Maybe you’re not in the position to release a slave after 6 years and send them on their way with material and financial resources (4,000 ago the Torah was talking about reparations)… but you might be position to release some more of your resources toward helping the most vulnerable this year. That could mean donating to abortion funds or Planned Parenthood as our State seek a skyrocketing number of people seeking safe, necessary reproductive health care; (that might mean sending $$ over to Second Unitarian Church, where we hold services and which was recently vandalized for sharing that value!)...  releasing more of your resources might mean volunteering or donating to the Greater Chicago Food Depository, or any number of local banks against this backdrop of increasing food prices and food insecurity for so many. 

That might mean releasing the sense of hurry you walk with, that makes you pass by a person who you might treat like more of a brother, if you felt like you had a few extra minutes.

During the month of Elul our sages recommend setting aside dedicated time each day during the for doing this fearless moral inventory, it has a name: cheshbon nefesh, and let me say, if you’re doing it right, it’s hard. You might either beat yourself up for what you haven’t yet done or achieved in your life, or get overly focused on yourself at the exclusion of looking at the broader communities you’re part of. Elul, said brilliantly by our very own Rebecca Stevens, is the balancing act of looking at our lives with clear eyes, and it requires some discomfort, even bravery. I want to recommend that you get an Elul hevruta, someone to talk and process with throughout this month, both for accountability and perspective. Elul is a time for approaching one another with even more compassion and gentleness than usual, as we face things about the world, and about ourselves, that might need adjusting.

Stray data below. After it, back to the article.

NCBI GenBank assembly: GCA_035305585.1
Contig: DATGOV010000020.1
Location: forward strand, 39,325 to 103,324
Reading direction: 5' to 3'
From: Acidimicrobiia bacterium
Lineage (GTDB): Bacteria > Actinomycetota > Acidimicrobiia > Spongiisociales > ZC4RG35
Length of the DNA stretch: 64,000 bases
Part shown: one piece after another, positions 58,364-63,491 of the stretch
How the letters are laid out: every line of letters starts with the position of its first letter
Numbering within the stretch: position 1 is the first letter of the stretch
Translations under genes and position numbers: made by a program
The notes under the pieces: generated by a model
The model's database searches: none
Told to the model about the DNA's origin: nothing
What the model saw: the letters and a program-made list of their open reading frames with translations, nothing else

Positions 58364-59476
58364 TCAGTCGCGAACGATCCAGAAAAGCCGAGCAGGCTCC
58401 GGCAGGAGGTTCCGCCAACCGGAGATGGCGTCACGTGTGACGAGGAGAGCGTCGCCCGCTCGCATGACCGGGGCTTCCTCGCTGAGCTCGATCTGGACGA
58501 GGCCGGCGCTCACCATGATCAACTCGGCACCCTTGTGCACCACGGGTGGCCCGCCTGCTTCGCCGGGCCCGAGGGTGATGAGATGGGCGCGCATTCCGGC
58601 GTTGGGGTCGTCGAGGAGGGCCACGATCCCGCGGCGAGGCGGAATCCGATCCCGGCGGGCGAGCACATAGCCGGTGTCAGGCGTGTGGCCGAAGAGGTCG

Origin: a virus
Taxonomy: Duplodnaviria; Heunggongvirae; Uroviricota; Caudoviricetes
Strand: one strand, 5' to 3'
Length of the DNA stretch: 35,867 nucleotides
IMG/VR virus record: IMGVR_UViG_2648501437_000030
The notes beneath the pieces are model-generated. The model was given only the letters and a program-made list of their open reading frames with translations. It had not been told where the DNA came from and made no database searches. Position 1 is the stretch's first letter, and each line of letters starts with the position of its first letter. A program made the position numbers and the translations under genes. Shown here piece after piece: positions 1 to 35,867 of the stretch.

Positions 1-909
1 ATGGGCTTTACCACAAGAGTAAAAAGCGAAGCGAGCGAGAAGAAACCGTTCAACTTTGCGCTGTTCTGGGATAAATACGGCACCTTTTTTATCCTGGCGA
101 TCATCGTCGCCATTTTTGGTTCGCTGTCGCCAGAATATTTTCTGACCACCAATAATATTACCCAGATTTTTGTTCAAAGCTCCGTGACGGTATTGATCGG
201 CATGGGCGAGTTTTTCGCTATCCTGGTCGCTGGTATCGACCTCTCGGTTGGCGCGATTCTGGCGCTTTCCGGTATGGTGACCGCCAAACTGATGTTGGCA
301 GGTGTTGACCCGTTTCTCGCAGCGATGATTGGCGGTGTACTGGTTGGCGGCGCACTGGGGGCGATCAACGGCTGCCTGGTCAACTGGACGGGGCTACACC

I want to bless us as we enter this month of doing this holy work together, let us build the world the Torah envisions through working every day toward being the people God put us in this world to become.

I want to ask us to stand as I say the traditional blessing for entering a new month:

May it be Your will, God and God of our ancestors, to make us new again in this month. Help us be forces of good and blessing. 

Give us long lives: lives of peace, lives of blessing, lives of making good money, lives of strong bones and a stone spine; lives full of awe at God’s power and mystery; lives of accountability; lives in which we free of shame and indignity; lives of joy and honor and weight; lives in which we find and do what we love in this Tradition, and in which we act with a sense of God’s presence at all times; lives in which we fulfill each other’s deepest desires, and we say, Amen

Repeat after me: 

Rosh Hodesh Elul begins tonight.

May this month be a blessing

May the Holy One bless us and all people everywhere with

goodness and blessing (amen!)

With joy and with gladness

With redemption and with comfort

With good money and with steady work

With life and with peace

With news of good days and better to come!

With full and complete healing!

With a redeemed world, and all say Amen.